Second, I remember what He has given me. Confession: for better or worse, I often take Hebrews 4:16 very seriously and confidently declare God’s truth and promises (as found in His Word, not as assumed in my head) before Him­–not because I think He needs to be reminded, but because I know that I do. So I declare them with my mind until I believe them with my heart. God promised that those who seek Him would lack no good thing (Psalm 34:10), meaning that anything I long for now but do not have (at least in my timing and in the form I now desire it) is not good. He promised that just as He watches over and provides for the lilies and sparrows, so He will do for us, because we are worth far more than they (Matt. 10:31). He promised that He knows what I need before I even ask Him (Matt. 6:8). And He promised that if I first seek His Kingdom, that “all these things,” all these things I really need, and all those things I ultimately long for (found at the roots of the things I’m shortsightedly longing for now), will be added to me as well–not according to my timing, my ways or my best-laid plans, but according to His. Thank goodness for that.


Even so, there’s a lot I don’t know. I don’t know whether the things I am currently tempted to pity and sorrow over not having are truly good things. They may be things He wants me to persistently ask for in faith (Luke 11:5-13), or the obstacles standing in the way of them (the unknowns, the silences, the seemingly unanswered prayers) may be stubborn but God-ordained donkeys, blocking my path from what I wouldn’t actually want if I could see them for what they truly are. But here’s what I do know: there sure are a lot of incomprehensibly good things He has promised to give those who love and seek Him that I do want (or at least would want, if I could see with His eyes), and yet leave on the table everyday.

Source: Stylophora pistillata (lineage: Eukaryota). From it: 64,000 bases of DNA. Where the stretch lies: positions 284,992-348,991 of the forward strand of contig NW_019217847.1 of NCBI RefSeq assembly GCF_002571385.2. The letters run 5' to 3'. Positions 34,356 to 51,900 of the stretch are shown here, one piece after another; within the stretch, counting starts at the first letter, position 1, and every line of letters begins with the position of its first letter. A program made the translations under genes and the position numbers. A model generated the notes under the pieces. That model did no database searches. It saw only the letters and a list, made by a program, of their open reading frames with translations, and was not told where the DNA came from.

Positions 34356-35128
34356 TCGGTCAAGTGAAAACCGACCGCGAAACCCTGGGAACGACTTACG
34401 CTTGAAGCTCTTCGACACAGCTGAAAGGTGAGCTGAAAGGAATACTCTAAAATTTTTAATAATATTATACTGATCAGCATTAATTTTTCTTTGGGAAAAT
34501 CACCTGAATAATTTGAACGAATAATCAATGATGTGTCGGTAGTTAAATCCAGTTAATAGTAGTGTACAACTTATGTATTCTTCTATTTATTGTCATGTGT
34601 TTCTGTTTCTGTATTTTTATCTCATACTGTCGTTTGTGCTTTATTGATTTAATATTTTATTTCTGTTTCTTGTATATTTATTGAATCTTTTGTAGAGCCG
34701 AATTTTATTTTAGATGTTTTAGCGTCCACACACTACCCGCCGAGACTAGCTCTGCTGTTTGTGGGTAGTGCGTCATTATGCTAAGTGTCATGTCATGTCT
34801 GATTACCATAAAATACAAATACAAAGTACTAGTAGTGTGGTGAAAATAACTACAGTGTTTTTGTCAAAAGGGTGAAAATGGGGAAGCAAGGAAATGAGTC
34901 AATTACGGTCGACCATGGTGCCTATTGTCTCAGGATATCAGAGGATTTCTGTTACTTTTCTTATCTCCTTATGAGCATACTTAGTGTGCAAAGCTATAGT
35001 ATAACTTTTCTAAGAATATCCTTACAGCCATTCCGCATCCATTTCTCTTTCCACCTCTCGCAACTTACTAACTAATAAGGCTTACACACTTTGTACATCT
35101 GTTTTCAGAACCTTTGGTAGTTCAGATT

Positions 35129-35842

He has made so many bold and unfathomable promises in return for following Him that are “immeasurably more” than all we could ask or imagine (Eph. 3:20)–worth far more than anything we leave behind, or anything we do not have yet think we lack. He has promised to satisfy us– in the morning with His unfailing love (Psalm 90:14), and with His good, so that our youth is renewed like the eagle’s (Psalm 103:4-5). He has promised that, if we do not grow weary in doing good and do not lose heart, in due season, we will reap (Gal. 6:9). He has promised that, if we dwell in the shelter of the Most High, we will abide in the shadow of the Almighty (Psalm 91:1). He has promised to work and act for us as we wait for Him (Isaiah 64:4). He has promised to bless us as we fear Him (Psalm 115:13). And He has promised that if we humble ourselves under His mighty hand, He will lift us up in due time (1 Pet. 5:6).


But perhaps best of all, He has promised that He will not be slow to fulfill those promises as some–like me, in my often faithless impatience and prideful frustration–understand slowness (2 Pet. 3:9). He will give me all good things (as I seek Him and His Kingdom) and will grant my desires (as I delight myself in Him, taking on His desires as my own) in His perfect timing and ways. And He will not delay. So at the end of the day, at the end of those prayers, at the bottom of those tears, I remind myself that even in my earthly desires—which the enemy longs to use to distract me from the only true source of fulfillment, goodness and life—that, ultimately, as Bob Goff said best, “Whatever it is we’re aiming for, God’s better.”